Like millions of other consumers, several offers from daily-deal sites like Groupon and LivingSocial arrive in my inbox each day. While other marketing channels have struggled through the economic downturn of the last few years, these sites have turned consumers’ penny-pinching into a winning marketing format. The next trick will be figuring out how to leverage it for B2B marketing.
The leaders of the pack are Groupon and LivingSocial. These two got the wheels rolling on the bandwagon in late 2008, amid the collapse of the housing market and economy, when consumers were really beginning to tighten their purse strings. The invention of the daily-deal email paired tried-and-tested geographic targeting—employed by direct mail marketers for years—with the more social environment of the digital scene. A limited number of deals were offered, in a limited time frame.
To say the concept took off is an understatement.
The estimate of the number of current daily-deal sites in the market today varies widely, with some sources estimating 350, others as many as 500, and some even estimate that there are 3,000 globally.
And the landscape is changing daily. Yelp recently announced that it would cut its Yelp Deals sales staff by half, and Facebook retreated from the daily-deals market entirely. On the other hand, Google is just getting its feet wet: it promoted a local offer on its home page on August 31 for the first time. Google Offers is only available for nine cities right now, but interested consumers can already sign up for many additional cities (including Indianapolis) that will be rolling out soon.
Groupon continues to flex, as well—for the first time, an offer for reduced tuition for a course at National Louis University in Chicago hit inboxes this week.
Then there are the niche players: for every potential target audience, there’s a daily-deal site to serve it. There’s Daily Deals for Moms (self-explanatory); DealChicken, from Gannett, which uses its local media outlets; Gilt Groupe, for the designer fashion/accessory crowd; blissmo, for the eco-conscious among us, etc.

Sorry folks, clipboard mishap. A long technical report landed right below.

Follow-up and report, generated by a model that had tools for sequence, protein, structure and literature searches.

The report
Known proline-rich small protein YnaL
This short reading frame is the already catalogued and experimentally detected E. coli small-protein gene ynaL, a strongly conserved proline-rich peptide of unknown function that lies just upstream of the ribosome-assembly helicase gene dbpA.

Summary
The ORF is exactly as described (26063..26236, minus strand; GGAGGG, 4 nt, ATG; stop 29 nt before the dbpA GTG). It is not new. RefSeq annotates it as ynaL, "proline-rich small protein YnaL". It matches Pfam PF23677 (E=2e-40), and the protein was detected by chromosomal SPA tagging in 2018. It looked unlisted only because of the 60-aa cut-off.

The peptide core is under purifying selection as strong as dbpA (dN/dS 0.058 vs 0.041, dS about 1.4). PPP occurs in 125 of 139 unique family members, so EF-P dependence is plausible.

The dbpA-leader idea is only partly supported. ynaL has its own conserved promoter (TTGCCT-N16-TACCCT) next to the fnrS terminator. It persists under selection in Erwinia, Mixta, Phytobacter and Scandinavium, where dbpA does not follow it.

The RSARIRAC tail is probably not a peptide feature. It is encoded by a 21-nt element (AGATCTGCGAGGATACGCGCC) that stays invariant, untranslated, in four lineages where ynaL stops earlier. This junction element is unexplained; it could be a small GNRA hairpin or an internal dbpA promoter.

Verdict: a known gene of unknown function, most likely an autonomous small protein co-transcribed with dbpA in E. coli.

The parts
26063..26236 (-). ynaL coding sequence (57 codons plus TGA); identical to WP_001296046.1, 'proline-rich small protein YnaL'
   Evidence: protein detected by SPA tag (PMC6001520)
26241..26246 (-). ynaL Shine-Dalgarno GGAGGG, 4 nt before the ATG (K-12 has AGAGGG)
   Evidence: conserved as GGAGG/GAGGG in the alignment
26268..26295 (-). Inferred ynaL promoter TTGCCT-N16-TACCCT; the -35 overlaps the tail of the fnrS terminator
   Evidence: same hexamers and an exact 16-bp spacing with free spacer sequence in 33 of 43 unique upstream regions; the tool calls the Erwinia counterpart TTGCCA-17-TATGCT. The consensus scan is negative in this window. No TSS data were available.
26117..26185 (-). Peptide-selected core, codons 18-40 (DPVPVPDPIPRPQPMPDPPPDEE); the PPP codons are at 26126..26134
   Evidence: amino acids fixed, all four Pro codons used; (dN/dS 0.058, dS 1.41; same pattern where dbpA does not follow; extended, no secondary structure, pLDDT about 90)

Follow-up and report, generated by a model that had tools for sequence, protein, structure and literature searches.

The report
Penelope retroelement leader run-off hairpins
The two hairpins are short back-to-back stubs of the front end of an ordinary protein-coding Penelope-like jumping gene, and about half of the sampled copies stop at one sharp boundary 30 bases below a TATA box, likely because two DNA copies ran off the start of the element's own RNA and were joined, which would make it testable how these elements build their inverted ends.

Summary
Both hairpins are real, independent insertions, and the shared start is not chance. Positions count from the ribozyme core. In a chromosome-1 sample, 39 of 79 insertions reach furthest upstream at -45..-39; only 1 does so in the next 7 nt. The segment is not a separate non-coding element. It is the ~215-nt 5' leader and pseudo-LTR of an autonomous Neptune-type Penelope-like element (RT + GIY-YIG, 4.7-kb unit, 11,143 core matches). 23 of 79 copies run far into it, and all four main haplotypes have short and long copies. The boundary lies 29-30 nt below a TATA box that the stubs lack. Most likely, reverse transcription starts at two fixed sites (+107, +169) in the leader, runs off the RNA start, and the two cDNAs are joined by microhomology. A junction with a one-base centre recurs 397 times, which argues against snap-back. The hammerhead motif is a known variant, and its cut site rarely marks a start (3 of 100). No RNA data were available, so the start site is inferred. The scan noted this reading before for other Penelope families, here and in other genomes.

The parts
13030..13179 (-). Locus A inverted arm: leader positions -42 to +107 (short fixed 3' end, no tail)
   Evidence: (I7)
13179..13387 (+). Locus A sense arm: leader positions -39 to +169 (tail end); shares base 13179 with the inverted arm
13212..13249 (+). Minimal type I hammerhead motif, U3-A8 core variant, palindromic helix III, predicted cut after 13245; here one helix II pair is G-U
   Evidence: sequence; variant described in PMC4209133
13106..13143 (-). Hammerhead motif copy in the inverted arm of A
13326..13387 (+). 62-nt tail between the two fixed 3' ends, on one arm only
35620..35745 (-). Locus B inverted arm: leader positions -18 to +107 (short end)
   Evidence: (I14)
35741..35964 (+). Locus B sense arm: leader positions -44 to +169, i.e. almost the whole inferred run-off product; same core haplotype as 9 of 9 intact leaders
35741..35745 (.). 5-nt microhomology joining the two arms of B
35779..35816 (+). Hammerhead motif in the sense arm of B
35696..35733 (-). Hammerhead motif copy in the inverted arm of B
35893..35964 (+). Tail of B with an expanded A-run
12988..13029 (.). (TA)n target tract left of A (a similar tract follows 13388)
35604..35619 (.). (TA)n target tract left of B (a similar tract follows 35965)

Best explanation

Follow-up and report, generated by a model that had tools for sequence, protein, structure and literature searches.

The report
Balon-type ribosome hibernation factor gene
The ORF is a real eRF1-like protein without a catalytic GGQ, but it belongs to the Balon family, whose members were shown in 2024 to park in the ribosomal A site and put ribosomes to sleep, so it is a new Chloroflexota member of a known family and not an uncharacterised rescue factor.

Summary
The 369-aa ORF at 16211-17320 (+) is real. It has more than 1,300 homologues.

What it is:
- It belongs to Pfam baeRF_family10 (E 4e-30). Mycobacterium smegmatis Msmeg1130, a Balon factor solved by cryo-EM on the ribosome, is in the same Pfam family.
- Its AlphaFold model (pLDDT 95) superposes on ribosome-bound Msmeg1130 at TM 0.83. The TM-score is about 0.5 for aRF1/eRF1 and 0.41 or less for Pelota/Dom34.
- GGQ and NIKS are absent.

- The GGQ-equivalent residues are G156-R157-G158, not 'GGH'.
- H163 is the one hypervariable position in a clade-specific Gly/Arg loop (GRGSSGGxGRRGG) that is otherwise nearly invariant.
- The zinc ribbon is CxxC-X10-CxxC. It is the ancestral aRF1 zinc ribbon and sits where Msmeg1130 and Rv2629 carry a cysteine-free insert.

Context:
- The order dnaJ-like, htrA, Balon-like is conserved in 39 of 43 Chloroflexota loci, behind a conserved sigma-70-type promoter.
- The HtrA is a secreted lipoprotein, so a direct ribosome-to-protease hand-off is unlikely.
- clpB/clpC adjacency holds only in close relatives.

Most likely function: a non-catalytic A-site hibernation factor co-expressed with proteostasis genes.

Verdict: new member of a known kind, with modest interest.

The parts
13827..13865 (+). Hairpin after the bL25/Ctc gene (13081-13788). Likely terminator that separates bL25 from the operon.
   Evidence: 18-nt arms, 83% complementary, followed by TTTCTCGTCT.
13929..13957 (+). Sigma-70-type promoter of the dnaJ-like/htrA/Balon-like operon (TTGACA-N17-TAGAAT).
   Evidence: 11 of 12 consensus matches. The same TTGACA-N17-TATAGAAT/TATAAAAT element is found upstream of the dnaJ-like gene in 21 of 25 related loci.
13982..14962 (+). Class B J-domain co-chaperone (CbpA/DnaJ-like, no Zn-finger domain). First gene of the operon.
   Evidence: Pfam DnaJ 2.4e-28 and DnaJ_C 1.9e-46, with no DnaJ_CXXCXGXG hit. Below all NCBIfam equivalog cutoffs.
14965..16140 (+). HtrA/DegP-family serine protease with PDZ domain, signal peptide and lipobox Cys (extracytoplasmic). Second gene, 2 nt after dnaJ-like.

You’ll notice that the vast majority of these players have one big thing in common: they cater to business-to-consumer marketers. Few sites have figured out how to successfully leverage the trend for the B2B market, but one—Groundswell Health—is trying. This San Francisco company is bringing collective buying to healthcare practices and other purchasers of medical supplies and equipment.
B2B targets aren’t often able to make purchasing decisions with the same speed that the daily-deal model has capitalized on, but I could see this being leveraged for things like conference passes (which already offer early-bird registration deals), office supplies (want to buy eight pounds of coffee today for half price?), and other purchases that are on the smaller side of the business-purchase equation. It wasn’t specifically targeted to businesses, but MB recently bought and used a Groupon for our favored lunch-catering service, so there’s certainly a market out there.
For a company considering a dive into the daily-deal pool, there are arguments on both sides of the coin. The decision needs to be made strategically, with your overall business and marketing goals in one hand and your budget in the other. What are some of those pros and cons?
This is just a short list. Check out the links at the bottom of this post for a couple articles that offer some good tips for marketers considering a daily deal. Also, take 25 minutes and listen to NPR’s Planet Money podcast, “Groupon! Monty Python! Price Discrimination!” which offers a great history of the coupon trend and includes stories from businesses who’ve tried it.
As a consumer, I loved Groupon at first (I signed up in November 2009). I liked that it introduced me to many locally owned, lesser-known small businesses in my area, in addition to having the chance at unprecedented offers.
But now? Very few offers come through Groupon or LivingSocial that interest me. As soon as the national brands jumped on board (who are understandably better set up to absorb the low margins), the sense of exclusivity that made it fun diminished, and it began to feel like yet another expected email advertisement.
Nevertheless, I’m still a subscriber. The potential offers are too good for me to ignore. And I continue to sign up for niche services that seem more targeted to my interests.
The takeaways for a business contemplating making an offer? Do your research, consider the opportunity strategically, and put a solid customer-retention plan into place before making your own daily-deal offer.
Take your time; this opportunity won’t expire in 24 hours.
Now, let’s hear from you: Has your company tried this? Are you considering it? Where do you think this daily-deal trend will go next?
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